Tag Archives: Artist books

New York On Making

ARTICULATE II: What is an Exhibition-in-Print?

Liz Nurenberg, The Rape of Persopina, Self Portrait as Sculpture, 2013

Liz Nurenberg, The Rape of Persopina, Self Portrait as Sculpture, 2013

I am currently working with a group of artists on an exhibition-in-print. Because people don’t quite know what to expect, it warrants some further explanation. This is neither a regular gallery group show catalogue (essay and images, not a precious object) nor a traditional artist’s book (one artist, doing their thing within the book form, often very laborious and a small print run). It is close to a literary journal for art, but a smaller run and with even less money. Articulate II is the third project in a series of art books that I started with Emily Smith in graduate school. In a book artists are able to do things that wouldn’t make as much sense in a gallery setting—the format is more personal, less formal, and can ask for extended contemplation from the audience.  Plus, we love books and well crafted objects, so why not combine the two?

On a couple of occasions, creating work for one of our books has opened a new door in an artist’s practice and a fresh body of work has arisen as a result. A book can also act as a space for documentation or exploration of the process, hopefully allowing the reader/viewer something of a “behind the scenes” experience. (There has recently been a boom in books about creativity aimed at the non-artist, but probably one of the best ways to learn about creativity is to see it in action.) This particular edition centers on love.The original call asked artists to think about art and love together–how the two concepts relate and respond to one another–but also to address love as a focus for its own sake. One of the reasons for this was the number of exciting art works I saw talking about love, but where the artist felt embarrassed about taking this as subject matter– love was not conceptual or complex enough.

Dai Toyofuku with edits by Alex Moore, Haiku for Fall

Dai Toyofuku & Alex Moore, Dirty Writing: A Haiku for Fall, poetry, annotation and edits, 2013

In the finished work there is a broad range of interpretations and approaches but a recurring theme is the challenge of completely grasping or articulating a complex thought or emotion. A number of the pieces look explicitly at the relationships intertwined within the art making process: between artist and work, artist and subject, artist and editor, or artist and viewer. Our goals with this project are to facilitate creative exploration by the artists, encourage art viewing outside of the gallery setting and maybe even sneak original artwork into people’s lives. In this case, the expanded folio version will include original work by Sarah NewmanJayoung Yoon, and Michelle Carla Handel. For now, the only way to experience this exhibition and receive a copy of either the book or the folio is through our Kickstarter campaign, ending November 15th. More details about each of the contributors are below.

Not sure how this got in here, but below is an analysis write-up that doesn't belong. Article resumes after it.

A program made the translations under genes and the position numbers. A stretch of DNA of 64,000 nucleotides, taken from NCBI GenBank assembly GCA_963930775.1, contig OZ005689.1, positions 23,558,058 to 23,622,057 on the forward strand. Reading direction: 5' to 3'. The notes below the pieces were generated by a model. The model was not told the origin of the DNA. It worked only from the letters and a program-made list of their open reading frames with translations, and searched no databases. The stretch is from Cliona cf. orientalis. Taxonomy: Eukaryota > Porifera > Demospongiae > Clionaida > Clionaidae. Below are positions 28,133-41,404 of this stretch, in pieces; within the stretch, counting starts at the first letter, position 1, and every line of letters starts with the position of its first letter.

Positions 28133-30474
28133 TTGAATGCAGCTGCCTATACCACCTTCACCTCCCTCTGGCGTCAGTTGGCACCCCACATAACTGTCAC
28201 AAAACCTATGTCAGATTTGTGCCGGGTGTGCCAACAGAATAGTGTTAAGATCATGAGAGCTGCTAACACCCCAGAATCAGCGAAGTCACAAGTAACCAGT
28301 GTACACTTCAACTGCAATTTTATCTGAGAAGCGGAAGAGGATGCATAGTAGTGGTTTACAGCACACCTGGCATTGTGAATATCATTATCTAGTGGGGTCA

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Alex C MooreI am an artist and writer. I am interested in art as a social phenomena–an action that humans undertake to attempt communication and connection. I am endlessly fascinated by our emotional quirks and our creative thought pathways. Articulate is one product of these explorations.

Azadeh Tajpour is currently the Artist in Residence at Boston Center for the Arts. Her work is about how our perception in regard to the “other” is shaped by the medium of representation. For Articulate II, her work is a digital print, which is part of a series of work based on images of women from the 19th or early 20th c. Iran. While examining the notion of representation and labeling, the work also reflects upon intimate relationships and gender ambiguity.

Carmine Iannoccone: In an old Craftsman Bungalow, I paint, draw, build things and compose the seminars that I teach. My wife and I spent twenty years restoring this structure; it’s where our children were born and grew up. It was always my ambition to have the house, the family, the marriage and the studio all be the same thing. I couldn’t make that work. But there were times when it happened anyway – by accident, by surprise, without my control, almost without my even knowing, or noticing. My drawing for this issue of Articulate is about one of those times.

Dai Toyofuku lives and works in Los Angeles. His work imagines and attempts to create an ongoing dialogue in which human culture and wild nature are intimately connected. Dirty Writing: Haiku for Fall expands these ideas through collaborative/editorial dialogue with Alex Moore.

Jayoung Yoon is a New York-based artist born in Korea. Her work represents a cleansing of personal and social memories. For Articulate II, she read current issues of the ‘New York Times’ dealing with conflicts, judgments, hatred, etc., and as a healing gesture, peeled away the destructive imagery and words with tape, leaving a purified thin remnant of paper. She then transformed the peeled layers of ink, negating it all, by creating a symbolic image of beauty, growth and harmony.

Lindsay Nevard is an industrial designer and design researcher. She focuses on asking the right questions to uncover people’s otherwise invisible motives. The Ghostface project was an interspecies collaborative effort between Lindsay Nevard, Dai Toyofuku and a cat named Ghostface.  After exhaustive research and testing, we prepared an afternoon meal for Ghostface and a handful of his closest human friends.

Liz Nurenberg: The Rape of Proserpina, Self Portrait as Sculpture, is one in a series of photographs that plays with the portrayal of the goddess in the history of sculpture, and the presence of an artist’s ego in their work. Through these photographs I am exploring intrigue, sensuality, vulnerability, absurdity, play and humor — all of which are key elements in a great love affair.

Melissa Zimmermann is an artist and mother based out of Los Angeles, CA.  As she negotiates between these two realms of selfishness and selflessness, she encounters a great deal of inner turmoil and tension. The goal of these artistic studies with her daughter is to alleviate this inner conflict through sharing her process. Through out this effort, her daughter, Eluisa Schulitz, is seen as an equal collaborator. She is expected to contribute to and guide the creative process as much as her mother. In this particular instance, Eluisa dictated the layout of the image as well as who would use which stencil shape.
Michael Carter: Los Angeles-based metaphysician, project-based artist, entrepreneur, and emergent capitalist.   #hansemelycrookston

Michael Haight is an artist based in Los Angeles, Ca. His work in Articulate II is an investigation of the accuracy and explanation of art (poetry) and relationships via astrological star charts. His video and sound work can be found on youtubevimeo and soundcloud.